It’s Time to Step on the Gas toward Greater Health Equity
Health equity is a hot topic today, as it certainly should be. The pandemic and social unrest of the past two years have uncovered cracks in the foundation of our society that threaten its stability—cracks that have been there for generations but were split wide open in the recent crisis. People of color have worse health outcomes on almost any measure you can think of, and the pandemic has widened the gap even further.
As healthcare fundraisers, we are in a unique position to start to fill in those cracks. We have access to the people and systems that elevate the community’s health through the organizations we serve, and we have the skills to bring the necessary resources to bear to enable those people and systems to work toward the greater good.
It’s a scary and almost egotistical to consider: how can I, little old me who can’t even seem to retrieve all my pairs of socks from the dryer intact, make a difference in a huge, entrenched social problem like systemic racism? It would be easy to throw up our hands in defeat at the enormity of it all, but the beauty of it is that none of us needs to solve it by ourselves.
This past Memorial Day I drove to the Outer Banks in North Carolina from our home in Maryland with my 16-year-old son, who was behind the wheel for the first time in the 80-mile standstill traffic that is par for the course on I-95 between Richmond and Washington. He impatiently wondered why everyone couldn’t just press the gas slowly at the same time and accelerate in one giant column of packed minivans and SUVs trailing kids’ bicycles and beach chairs.
Of course, that did not happen, but I think it's a great metaphor for getting started on our collective health equity journey. Even if we can only move our own car forward a little bit, if we all move our cars forward in the same direction at the same time, we can move a whole lot of people to the destination faster. This mindset takes the enormity of the situation (how can I solve systemic inequity?) and makes it much more manageable: what small step can I take in my community today that will add just a little bit of momentum toward our collective goal of better health for all?
There are many examples to look to for inspiration, and we’ll be presenting some case studies of foundations that have quite a bit of momentum at the AHP International Conference this fall. In the meantime, I’d like to share just one story that I hope might inspire you as to what is possible.
I had the pleasure of speaking with Mary Anne Chern, FAHP, ACFRE, Senior Consultant, Netzel Grigsby Associates, about her 25 years of health equity fundraising at Adventist Health White Memorial Hospital in Los Angeles. Among many other projects, Mary Anne and her team created a scholarship program to train culturally competent nurses to better serve the overwhelmingly Hispanic patient population at AHWM. The project has a virtuous-cycle quality that I find satisfying: the hospital foundation sponsors educational opportunities in the community (win) that turn into job opportunities for the community (win-win) that lead to better patient care for the community (is there such thing as a win-win-win?).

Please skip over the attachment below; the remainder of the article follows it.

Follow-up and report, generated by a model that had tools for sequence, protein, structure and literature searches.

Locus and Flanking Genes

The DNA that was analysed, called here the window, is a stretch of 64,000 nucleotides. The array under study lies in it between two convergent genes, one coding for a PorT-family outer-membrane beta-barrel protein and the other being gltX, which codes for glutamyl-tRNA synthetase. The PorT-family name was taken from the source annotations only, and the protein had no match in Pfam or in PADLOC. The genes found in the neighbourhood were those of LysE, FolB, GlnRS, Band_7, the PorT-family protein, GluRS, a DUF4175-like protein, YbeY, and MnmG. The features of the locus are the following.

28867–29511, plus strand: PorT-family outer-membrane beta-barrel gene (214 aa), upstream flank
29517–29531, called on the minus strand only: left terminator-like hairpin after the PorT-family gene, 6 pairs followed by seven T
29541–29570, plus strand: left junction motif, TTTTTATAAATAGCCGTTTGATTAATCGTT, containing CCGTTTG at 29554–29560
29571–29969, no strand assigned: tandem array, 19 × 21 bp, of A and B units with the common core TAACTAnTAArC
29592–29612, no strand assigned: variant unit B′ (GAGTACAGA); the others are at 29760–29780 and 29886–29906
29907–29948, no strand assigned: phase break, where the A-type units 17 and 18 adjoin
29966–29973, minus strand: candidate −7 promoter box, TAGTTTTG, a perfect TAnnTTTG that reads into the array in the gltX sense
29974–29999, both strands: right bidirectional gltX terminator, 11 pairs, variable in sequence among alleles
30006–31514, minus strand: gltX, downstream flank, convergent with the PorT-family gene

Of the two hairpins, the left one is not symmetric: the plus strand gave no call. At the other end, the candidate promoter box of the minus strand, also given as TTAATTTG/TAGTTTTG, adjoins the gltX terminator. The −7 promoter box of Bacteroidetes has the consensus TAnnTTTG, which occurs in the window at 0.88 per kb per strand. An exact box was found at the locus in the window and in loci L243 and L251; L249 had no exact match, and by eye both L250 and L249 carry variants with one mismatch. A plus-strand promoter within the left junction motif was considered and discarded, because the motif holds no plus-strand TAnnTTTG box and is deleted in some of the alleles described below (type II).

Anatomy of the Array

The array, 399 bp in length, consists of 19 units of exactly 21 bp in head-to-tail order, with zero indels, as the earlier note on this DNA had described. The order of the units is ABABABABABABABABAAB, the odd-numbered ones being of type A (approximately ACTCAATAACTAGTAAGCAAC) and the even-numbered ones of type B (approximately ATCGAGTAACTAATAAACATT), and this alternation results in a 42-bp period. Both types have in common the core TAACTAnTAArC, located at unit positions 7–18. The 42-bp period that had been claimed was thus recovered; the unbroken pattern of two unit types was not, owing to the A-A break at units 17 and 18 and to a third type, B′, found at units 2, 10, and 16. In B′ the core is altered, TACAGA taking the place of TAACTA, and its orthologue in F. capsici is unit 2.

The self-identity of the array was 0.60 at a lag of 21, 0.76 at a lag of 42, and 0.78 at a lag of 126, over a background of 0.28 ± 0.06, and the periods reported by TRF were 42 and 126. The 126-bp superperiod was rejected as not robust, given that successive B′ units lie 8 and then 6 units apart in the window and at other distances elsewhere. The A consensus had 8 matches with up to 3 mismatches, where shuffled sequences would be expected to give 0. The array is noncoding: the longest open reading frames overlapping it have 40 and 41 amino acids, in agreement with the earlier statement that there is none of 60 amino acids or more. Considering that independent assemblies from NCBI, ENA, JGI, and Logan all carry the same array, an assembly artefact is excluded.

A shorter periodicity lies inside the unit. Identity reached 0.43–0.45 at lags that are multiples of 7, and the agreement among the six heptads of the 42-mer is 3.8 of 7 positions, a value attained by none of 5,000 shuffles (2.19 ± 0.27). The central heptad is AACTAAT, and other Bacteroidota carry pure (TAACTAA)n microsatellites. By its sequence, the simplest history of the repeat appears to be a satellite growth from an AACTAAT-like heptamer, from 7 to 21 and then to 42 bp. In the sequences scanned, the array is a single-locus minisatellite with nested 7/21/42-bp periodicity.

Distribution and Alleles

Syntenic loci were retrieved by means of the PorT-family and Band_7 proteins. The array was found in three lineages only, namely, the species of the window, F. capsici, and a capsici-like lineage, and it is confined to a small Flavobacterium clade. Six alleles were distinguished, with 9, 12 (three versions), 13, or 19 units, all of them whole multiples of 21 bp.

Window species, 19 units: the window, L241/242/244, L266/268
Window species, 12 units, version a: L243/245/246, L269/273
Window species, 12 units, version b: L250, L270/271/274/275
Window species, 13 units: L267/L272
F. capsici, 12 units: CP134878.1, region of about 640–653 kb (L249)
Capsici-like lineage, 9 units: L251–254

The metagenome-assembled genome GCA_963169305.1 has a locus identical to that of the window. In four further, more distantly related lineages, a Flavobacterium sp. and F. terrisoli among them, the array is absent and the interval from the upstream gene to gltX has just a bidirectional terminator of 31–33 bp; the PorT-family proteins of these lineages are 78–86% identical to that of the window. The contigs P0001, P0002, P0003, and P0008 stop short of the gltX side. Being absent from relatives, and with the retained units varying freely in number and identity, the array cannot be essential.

Increasing RN Cultural Competence and Community Employment at AHWM
by Mary Anne Chern, FAHP, ACFRE
In 2002 we initiated a health equity project to train and recruit culturally competent youth from our low-income Hispanic community to become RNs. Although the CHNA had identified a high unemployment rate in our community, the hospital had not previously considered how this community problem could lead to fulfilling a hospital need.
Our TELACU Education Foundation/AHWM Nursing Program linked two of the most highly respected local organizations to “connect the dots.” The community had: high unemployment as well as cultural, language, and financial barriers, which resulted in low-educational attainment among the low-income Hispanic students in East Los Angeles. Even students who wanted to attend college typically did not have the financial capacity to do so. On the other hand, the hospital had: high nursing turnover rates that negatively impacted the hospital’s operating budget and staffing model, as well as high-cost, Spanish-speaking (but not culturally competent) traveling nurses who did not stay at the hospital long term. The hospital’s ongoing attempts to hire Hispanic RNs were thwarted by the fact that nationwide only 8% of all RNs are Hispanic and therefore highly in-demand. Finally, we recognized a shared need: to educate and provide jobs to community residents who could provide culturally competent Registered Nurse care at a hospital where 90% of the patients were Hispanic.
For 20 years this health equity project has produced culturally competent nurses for our hospital and allowed young people to realize their dreams of becoming RNs and serving their community. AHWM’s innovative partnership with a community nonprofit organization to create a successful model for securing and retaining nurses from the local low-income, Hispanic community was specifically cited as evidence of “Citizenship with Results” when AHWM won the 2019 Malcolm Baldrige National Quality Award, a Presidential award widely recognized by hospital CEOs as “the highest level of national recognition for performance excellence that a US organization can receive.”4 Startup and operating expenses for the first four years were paid entirely by philanthropy. For the last 16 years the program has been financially sustainable from operational savings generated by reduced nurse turnover. Our connections through this program to the students and nursing schools also allowed us to provide Covid vaccinations when our community residents desperately needed them.
AHP members can read the full article, including Mary Anne’s practical tips for starting a health equity program at your own foundation, in the spring 2022 issue of Healthcare Philanthropy.